Even athletic superstar Michael Jordan attributes his ultimate success to failing over and over again in his life.

The American Psychological Association says resilience is a process that can be practiced and learned. It’s not a trait of an individual, team, or corporate culture. Learning from the past and maintaining flexibility and balance in life is important.

How does a leader learn resilience, one of the key characteristics of a seasoned and successful leader? What are some of the strategies? Well it isn’t a one-size fits all answer. Different approaches work for different people depending on the personality and leadership style of the individual. Here are a few approaches that may work for various leadership styles:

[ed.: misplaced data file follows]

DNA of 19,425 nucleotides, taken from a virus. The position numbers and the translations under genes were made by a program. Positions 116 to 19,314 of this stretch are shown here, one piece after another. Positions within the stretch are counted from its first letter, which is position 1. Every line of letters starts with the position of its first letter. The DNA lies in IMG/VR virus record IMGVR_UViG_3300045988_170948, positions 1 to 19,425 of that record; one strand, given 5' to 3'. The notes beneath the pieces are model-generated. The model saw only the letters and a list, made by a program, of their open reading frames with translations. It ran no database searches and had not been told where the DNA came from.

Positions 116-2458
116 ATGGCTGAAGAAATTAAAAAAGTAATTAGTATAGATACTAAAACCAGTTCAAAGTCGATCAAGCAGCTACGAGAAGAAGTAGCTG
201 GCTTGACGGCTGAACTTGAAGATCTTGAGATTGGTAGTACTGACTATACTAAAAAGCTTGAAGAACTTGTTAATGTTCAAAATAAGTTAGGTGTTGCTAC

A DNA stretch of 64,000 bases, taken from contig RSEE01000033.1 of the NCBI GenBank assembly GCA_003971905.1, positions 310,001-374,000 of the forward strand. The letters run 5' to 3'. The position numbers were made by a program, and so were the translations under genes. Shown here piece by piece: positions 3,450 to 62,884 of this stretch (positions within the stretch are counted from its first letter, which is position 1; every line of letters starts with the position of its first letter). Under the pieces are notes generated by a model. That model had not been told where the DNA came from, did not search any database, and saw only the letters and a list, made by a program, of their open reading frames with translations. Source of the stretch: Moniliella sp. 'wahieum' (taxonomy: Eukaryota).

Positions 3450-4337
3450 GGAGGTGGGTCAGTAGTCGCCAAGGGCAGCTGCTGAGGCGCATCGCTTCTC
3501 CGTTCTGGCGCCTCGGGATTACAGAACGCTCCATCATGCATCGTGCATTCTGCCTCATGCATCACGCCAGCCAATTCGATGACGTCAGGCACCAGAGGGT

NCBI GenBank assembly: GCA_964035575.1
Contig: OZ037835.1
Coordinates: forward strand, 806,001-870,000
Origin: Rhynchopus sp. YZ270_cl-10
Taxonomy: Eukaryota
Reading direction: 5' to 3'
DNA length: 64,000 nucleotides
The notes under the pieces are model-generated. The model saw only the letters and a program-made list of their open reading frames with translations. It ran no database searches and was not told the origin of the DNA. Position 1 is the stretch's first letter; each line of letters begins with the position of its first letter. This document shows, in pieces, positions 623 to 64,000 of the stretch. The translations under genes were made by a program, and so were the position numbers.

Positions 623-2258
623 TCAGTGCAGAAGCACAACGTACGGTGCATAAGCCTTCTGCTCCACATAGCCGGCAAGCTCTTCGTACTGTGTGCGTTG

Do what must be done. The practical, matter-of-fact type leader might find comfort in doing. These leaders are more likely to accept the things that can’t be changed and focus on the problems that can be solved. They will do best when they can establish a plan with a timeline and milestones, set goals, and get to work.

Connect with others. Relationship-oriented leaders can reenergize by reaching out to peers, customers, direct reports, friends, family, or even volunteers in the community and together working to serve others. Seeking advice, communicating scenarios, and hearing stories of others’ successes and failures helps this type of leader bounce back and move forward.

Create a vision. Enthusiastic, insightful leaders may find that they are at their best when they can write down a vision, consider the big picture, and establish a long-term strategy for achieving it. Communicating a vision helps them and others to visualize success in the present. Rallying others to the cause and beginning an exciting new journey or new direction in strategy gives this type of leader new energy and strength to move forward.